Which is the 'better' or 'correct' option seems to hinge entirely upon whether the project is a success, though, and ironically without the massive Kickstarter win in progress, I'm not sure anyone would have actually pegged a Dark Souls board game featuring cost-increasing miniatures as a super sound investment. The two options seem to boil down to;

"Okay, so you give us whatever money to help us reach our goal, and upon release, we split up whatever profit gets made with you. I mean... hopefully we do well, anyway. If the product doesn't sell well enough to recoup the investment or fund additional prints, then that's kind of going to suck for you, but you know, risks and whatnot! It'll be a fun ride! ...maybe you can buy a copy, you know, help us out? No, why would you think you get a free copy, that's ridiculous."

Versus,

"Okay, so you give us whatever money to help us reach our goal, and for this specific amount we will- regardless of whether the actual product is a retail success- send you a copy of your very own! If the product doesn't sell well, then that kind of sucks for us, but you'll still have your game regardless. (Or, in the case of the sub-tier contributions, at least the game will actually exist now, out there, within reach.)"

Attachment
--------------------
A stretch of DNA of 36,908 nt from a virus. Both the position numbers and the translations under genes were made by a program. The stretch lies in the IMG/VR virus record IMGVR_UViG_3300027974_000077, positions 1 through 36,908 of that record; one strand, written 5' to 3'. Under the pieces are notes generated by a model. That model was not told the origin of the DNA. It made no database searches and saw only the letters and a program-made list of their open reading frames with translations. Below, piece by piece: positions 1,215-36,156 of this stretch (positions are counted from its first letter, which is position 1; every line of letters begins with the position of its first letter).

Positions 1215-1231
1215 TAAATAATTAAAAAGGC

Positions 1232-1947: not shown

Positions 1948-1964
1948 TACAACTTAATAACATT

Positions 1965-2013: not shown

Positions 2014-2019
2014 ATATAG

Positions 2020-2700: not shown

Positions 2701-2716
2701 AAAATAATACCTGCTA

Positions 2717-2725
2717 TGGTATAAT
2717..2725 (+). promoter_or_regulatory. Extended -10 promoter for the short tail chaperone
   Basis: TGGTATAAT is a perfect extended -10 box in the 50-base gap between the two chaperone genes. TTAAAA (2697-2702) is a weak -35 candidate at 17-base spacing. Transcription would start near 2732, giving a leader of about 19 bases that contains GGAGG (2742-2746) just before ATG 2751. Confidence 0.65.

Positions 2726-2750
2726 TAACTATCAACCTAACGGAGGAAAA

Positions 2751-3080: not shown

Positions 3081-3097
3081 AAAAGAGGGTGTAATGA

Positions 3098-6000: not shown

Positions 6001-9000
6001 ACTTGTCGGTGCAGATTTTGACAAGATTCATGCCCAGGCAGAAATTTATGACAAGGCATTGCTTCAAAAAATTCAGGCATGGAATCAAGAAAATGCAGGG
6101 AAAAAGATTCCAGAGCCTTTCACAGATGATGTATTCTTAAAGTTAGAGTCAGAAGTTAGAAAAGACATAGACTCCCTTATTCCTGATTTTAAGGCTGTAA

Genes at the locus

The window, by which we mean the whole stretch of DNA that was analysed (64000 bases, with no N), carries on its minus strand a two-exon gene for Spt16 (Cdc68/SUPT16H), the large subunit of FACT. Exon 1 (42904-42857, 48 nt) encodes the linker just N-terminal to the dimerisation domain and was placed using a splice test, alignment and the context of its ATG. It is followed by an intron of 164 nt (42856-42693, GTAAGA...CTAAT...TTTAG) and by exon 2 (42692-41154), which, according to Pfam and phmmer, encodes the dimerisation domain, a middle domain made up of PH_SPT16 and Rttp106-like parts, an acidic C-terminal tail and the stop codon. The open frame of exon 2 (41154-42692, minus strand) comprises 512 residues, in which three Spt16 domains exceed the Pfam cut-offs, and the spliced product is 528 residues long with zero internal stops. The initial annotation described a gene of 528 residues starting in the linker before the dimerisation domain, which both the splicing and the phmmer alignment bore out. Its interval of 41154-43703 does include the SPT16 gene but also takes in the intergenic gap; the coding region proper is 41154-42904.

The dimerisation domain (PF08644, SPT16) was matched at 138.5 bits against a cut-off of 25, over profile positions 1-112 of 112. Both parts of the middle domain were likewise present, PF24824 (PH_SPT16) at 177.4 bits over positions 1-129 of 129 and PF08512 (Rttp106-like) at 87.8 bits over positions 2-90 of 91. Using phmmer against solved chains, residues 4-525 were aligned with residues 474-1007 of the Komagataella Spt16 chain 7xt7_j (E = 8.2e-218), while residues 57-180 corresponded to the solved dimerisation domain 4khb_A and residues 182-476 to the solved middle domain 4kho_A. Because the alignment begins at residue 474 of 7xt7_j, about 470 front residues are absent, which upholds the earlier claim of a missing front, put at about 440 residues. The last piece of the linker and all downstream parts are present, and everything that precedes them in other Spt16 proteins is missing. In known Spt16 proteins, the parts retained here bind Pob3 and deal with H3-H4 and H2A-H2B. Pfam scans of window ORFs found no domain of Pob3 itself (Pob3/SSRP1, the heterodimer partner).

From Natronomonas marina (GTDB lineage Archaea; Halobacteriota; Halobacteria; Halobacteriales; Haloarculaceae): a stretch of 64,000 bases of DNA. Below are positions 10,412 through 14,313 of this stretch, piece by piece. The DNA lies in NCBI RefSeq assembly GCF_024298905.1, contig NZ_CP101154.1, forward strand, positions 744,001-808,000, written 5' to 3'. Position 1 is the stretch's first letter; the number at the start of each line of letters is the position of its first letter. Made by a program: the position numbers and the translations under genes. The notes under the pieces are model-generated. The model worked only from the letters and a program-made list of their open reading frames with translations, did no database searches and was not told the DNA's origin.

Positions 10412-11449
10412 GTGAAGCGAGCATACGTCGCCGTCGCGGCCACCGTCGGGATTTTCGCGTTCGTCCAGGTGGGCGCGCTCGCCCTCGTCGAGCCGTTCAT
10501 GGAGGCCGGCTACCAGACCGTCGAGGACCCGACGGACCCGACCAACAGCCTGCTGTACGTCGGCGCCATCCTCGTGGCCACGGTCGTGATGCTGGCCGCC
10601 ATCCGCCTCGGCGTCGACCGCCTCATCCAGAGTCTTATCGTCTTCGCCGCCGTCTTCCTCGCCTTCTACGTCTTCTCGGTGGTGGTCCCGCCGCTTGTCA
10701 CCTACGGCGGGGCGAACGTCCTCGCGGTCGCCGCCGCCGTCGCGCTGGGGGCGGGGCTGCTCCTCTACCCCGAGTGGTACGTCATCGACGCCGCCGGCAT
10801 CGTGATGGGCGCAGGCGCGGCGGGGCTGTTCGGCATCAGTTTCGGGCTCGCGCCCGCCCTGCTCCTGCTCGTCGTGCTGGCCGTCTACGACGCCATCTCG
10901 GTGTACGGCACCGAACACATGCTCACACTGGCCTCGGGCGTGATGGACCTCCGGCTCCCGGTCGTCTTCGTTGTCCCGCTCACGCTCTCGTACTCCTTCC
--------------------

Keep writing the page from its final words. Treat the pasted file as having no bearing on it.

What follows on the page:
Again, right now we have the benefit of- very recent- hindsight due to how the Kickstarter has exploded, but considering the relatively modest goal that was set compared to the current raised sum, I don't think even the company really expected there to be quite this much interest in pre-orders. Their last update was celebrating reaching the 200,000 mark, and I kind of get the impression from their silence since that they're just crowded around the screen, gaping and probably panicking a bit. And it is pre-orders, for the mast majority; of the thirteen thousand, six hundred total contributors (last I checked) less than two hundred and fifty contributed less than was needed to pre-order a copy.